There are countless success stories of lives that have been changed by Erin and the work done at Harvest House. Madeline, age 28, was living in a domestic violence shelter. After leaving her abusive partner with her young daughter, she applied to Harvest House and received the help she so desperately needed to create a better life for herself and her child. Now a preschool teacher and pursuing an associates degree in education, Madeline calls Harvest House her “rainbow after the thunderstorm.”

Another client shares that before he came to Harvest House, he had two choices: death or prison. After being incarcerated at age 16 and spending 12 years in prison, he came to Harvest House, where he’s been for the past eight years. “I’ve been running all my life,” he says. “Where I come from, I never had anyone looking out for me the way they do here. I’m not running anywhere now.”

Perhaps one reason Erin has been drawn to and remained in the field for over 18 years is because she herself is no stranger to hardship. “The struggle of being a victim of sexual violence at a very young age and being gay in an evangelical pastor’s home and in the homophobic American culture, I can’t identity with all traumas, but I can identify with many of the symptoms of trauma – depression, anxiety, hypervigilance, and chronic physical pain due to unrelenting high stress,” she shares. “This personal experience compels me to break barriers to human prosperity. We must be free in our body, mind, and spirit to be completely free. Generations before me fought for my existence and healing and I must fight for today and for the generations who are coming up behind me.”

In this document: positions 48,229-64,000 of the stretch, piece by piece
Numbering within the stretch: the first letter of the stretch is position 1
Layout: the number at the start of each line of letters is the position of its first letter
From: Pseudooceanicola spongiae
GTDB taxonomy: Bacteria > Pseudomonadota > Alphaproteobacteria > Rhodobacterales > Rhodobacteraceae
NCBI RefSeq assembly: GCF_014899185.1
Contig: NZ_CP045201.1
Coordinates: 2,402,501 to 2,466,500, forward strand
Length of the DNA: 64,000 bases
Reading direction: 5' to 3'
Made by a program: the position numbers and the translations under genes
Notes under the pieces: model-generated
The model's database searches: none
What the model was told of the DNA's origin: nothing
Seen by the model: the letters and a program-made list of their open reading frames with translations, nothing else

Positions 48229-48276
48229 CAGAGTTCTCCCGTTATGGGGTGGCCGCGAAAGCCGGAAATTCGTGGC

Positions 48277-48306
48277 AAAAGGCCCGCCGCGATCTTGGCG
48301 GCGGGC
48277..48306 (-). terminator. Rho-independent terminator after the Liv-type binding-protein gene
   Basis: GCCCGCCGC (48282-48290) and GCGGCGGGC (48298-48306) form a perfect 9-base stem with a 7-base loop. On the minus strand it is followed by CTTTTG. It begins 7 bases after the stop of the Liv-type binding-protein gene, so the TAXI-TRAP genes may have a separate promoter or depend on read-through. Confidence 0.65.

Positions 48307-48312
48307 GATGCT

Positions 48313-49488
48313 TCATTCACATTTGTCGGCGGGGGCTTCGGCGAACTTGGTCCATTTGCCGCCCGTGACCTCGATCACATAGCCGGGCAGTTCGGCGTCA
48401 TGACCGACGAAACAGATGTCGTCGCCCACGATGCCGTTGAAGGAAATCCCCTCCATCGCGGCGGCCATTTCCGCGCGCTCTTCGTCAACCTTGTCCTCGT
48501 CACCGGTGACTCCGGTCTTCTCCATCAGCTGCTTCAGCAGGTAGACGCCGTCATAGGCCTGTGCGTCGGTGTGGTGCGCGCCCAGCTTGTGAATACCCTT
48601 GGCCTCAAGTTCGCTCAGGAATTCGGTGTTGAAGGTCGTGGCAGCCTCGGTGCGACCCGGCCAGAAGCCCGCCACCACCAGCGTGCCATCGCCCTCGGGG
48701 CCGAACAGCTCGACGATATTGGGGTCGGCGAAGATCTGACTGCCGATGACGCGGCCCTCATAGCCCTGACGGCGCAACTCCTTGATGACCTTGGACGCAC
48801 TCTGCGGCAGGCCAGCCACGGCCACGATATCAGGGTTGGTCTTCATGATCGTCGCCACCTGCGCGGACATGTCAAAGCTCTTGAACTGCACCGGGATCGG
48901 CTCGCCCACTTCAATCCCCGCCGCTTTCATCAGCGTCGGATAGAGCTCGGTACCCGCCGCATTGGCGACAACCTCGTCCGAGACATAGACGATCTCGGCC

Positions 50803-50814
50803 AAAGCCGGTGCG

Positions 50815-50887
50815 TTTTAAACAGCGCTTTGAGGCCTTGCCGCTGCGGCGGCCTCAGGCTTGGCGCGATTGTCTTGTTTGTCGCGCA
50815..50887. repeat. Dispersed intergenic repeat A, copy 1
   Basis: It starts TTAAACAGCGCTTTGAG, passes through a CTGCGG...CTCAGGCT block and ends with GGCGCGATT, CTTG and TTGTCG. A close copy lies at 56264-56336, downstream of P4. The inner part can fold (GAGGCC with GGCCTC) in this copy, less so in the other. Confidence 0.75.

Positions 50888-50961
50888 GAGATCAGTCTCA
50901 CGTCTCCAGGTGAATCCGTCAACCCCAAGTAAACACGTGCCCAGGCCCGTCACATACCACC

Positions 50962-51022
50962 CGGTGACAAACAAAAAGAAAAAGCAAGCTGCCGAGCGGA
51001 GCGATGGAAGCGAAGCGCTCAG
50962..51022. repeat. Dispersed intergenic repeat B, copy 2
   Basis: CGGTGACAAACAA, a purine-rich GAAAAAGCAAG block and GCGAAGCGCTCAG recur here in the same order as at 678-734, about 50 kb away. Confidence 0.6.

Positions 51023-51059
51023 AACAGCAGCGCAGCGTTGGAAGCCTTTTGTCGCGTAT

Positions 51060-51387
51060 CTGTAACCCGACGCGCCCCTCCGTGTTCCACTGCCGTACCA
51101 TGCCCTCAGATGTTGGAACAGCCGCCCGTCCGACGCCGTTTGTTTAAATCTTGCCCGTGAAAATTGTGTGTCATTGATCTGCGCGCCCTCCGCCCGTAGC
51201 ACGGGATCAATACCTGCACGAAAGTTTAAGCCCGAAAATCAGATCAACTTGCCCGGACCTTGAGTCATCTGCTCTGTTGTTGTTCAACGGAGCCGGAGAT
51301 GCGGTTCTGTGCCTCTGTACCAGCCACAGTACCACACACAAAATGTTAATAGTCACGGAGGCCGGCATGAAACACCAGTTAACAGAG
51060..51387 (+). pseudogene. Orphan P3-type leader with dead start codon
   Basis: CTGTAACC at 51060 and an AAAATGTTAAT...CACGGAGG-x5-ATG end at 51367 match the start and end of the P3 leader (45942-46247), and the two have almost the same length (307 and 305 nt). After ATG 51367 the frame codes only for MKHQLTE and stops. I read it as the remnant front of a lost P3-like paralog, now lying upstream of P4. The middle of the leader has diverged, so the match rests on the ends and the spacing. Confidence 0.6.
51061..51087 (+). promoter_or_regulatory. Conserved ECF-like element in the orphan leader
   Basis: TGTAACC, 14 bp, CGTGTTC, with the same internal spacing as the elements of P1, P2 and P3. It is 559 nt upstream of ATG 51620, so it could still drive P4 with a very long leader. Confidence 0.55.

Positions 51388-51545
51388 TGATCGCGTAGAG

Erin is grateful for the partnerships made in the community that have enhanced the services provided by Harvest House. “I am proud of the progressive changes in the Freedom Recovery program as a result of understanding brain science and the importance of bonding and connecting. I am proud of our work as a founding agency in the homeless response system for families experiencing and at-risk of homelessness. And I am proud of opening a first of its kind Youth Drop-In Center for youth ages 16 to 24 experiencing or at-risk of experiencing homelessness, and the specialized transitional and supportive housing for young adults ages 18 to 24,” she says. “We work toward creating places of belonging, connection, and freedom. A place where no matter who you are, where you’ve been, what you have or haven’t done, who you love, or what you believe or don’t believe, you can say, ‘I belong here, in this diverse family of joyful, loving people.’ A place where all people can share the human experience without fear and can step confidently into their destiny,” she adds.

If there is one word that people would use to describe Erin, it would most likely be “tenacious.” Her mom likes to say, “nevertheless, she persisted” when speaking of her daughter. “This work is in my DNA,” says Erin. “I know we can’t save the world, and I am not trying. My goal is to do good in every interaction with people and with every action I take. If I do that, I will be satisfied with a life well lived, and maybe make the world a little better for some in the process.”

Erin Minor was honored as one of SRQ Magazine’s Good Heroes this past December. Harvest House, 3650 17th Street, Sarasota. harvesthousecenters.org.